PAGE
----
Labour believe the Council should enable and not hinder a local people wanting to organise events. In Herne Bay a council led partnership pulls together businesses, community groups and supporting communities to plan events and promote tourism. As a result it’s annual festival (Bayfest) is a month long showcase of local groups, not a two day event run by a London based promoter. The whole town benefits when local groups are properly supported.

If the council took more of an enabling role, many of the problems associated with insurance, fire safety and road closures could be dealt with in house. County and National funding could be identified early and we we wouldn’t have to see local volunteers who want to run a Christmas lantern parade expected to provide detailed terrorist evacuation plans for a high street which has no doubt already been assessed multiple times.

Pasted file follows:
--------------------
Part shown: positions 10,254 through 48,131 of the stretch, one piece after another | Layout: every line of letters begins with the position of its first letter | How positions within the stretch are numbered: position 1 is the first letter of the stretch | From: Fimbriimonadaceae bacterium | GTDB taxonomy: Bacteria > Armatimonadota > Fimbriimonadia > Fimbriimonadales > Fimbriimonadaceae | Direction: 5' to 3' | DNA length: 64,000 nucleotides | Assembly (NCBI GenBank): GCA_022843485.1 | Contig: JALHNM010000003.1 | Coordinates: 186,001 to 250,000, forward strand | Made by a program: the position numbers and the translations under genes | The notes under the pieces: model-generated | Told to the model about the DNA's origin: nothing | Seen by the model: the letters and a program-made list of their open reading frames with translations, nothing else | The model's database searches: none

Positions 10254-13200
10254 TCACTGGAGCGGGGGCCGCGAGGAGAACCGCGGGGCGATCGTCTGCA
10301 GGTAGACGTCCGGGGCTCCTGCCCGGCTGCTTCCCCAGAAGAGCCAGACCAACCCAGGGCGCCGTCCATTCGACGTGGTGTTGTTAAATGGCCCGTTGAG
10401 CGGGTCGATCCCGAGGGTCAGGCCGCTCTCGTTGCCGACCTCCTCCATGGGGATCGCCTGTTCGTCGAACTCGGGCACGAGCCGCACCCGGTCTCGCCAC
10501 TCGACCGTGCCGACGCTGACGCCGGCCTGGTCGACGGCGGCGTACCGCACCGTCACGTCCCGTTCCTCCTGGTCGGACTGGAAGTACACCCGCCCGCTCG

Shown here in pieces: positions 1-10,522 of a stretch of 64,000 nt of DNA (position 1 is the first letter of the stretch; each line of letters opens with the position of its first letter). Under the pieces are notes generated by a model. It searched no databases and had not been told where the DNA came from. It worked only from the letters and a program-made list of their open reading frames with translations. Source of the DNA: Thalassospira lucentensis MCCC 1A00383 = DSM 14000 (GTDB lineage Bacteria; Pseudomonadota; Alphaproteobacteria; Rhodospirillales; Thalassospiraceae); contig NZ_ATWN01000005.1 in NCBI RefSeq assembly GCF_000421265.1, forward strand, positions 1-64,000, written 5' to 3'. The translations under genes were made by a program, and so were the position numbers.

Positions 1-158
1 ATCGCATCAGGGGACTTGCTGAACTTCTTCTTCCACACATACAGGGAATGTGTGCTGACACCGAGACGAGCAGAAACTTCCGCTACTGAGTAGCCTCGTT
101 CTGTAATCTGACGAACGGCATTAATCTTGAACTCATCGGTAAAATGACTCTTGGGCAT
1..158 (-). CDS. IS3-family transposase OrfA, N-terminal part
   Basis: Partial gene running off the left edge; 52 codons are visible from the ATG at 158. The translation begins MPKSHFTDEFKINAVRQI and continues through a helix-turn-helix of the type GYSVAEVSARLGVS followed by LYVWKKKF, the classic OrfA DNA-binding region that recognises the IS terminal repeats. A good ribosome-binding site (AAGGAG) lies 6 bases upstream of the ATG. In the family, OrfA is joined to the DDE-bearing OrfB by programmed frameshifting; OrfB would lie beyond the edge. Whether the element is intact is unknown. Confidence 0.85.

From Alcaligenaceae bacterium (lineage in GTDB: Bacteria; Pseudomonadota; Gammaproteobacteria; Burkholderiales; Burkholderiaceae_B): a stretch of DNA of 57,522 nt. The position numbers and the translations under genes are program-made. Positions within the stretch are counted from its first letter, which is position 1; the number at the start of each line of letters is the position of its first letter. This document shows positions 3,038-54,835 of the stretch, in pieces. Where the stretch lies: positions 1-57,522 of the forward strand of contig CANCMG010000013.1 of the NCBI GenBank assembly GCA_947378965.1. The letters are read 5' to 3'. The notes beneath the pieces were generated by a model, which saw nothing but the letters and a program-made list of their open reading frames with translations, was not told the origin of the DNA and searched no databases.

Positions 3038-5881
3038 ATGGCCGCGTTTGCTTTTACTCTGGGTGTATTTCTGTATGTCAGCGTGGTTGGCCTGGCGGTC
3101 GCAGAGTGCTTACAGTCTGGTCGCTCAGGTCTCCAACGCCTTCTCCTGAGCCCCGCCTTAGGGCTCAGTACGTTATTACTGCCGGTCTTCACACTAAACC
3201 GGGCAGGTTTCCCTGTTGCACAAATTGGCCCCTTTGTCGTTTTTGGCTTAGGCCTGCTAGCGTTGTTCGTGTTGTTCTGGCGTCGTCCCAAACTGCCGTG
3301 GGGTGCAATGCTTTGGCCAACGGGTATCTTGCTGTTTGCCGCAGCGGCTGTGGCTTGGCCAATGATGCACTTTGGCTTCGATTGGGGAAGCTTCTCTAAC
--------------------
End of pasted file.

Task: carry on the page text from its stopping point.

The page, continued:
If elected, Labour would work to launch a town development partnership and strengthen the financial support available for a ‘Back the Bay’ alternative for Whitstable. I’ll personally follow the attempts to relaunch the Carnival with some interest and hope the council can support, not undermine, people who want to make our town a vibrant home to events we love.


By Canterbury Labour Group / Environment / / 0 Comments

As your candidate for Chestfield, I want you to know that I care about people in the local community and I care about the environment. That is why I am actively involved in projects that help make our environment a better place to live in, both locally and globally.

Reducing single-use plastics.

I was instrumental in setting up ‘Plastic Free Whitstable’ which aims to reduce the amount of throw-away plastic that ends up on our streets, on our beaches and in the sea, where it gets into the food chain, poisoning the fish we eat.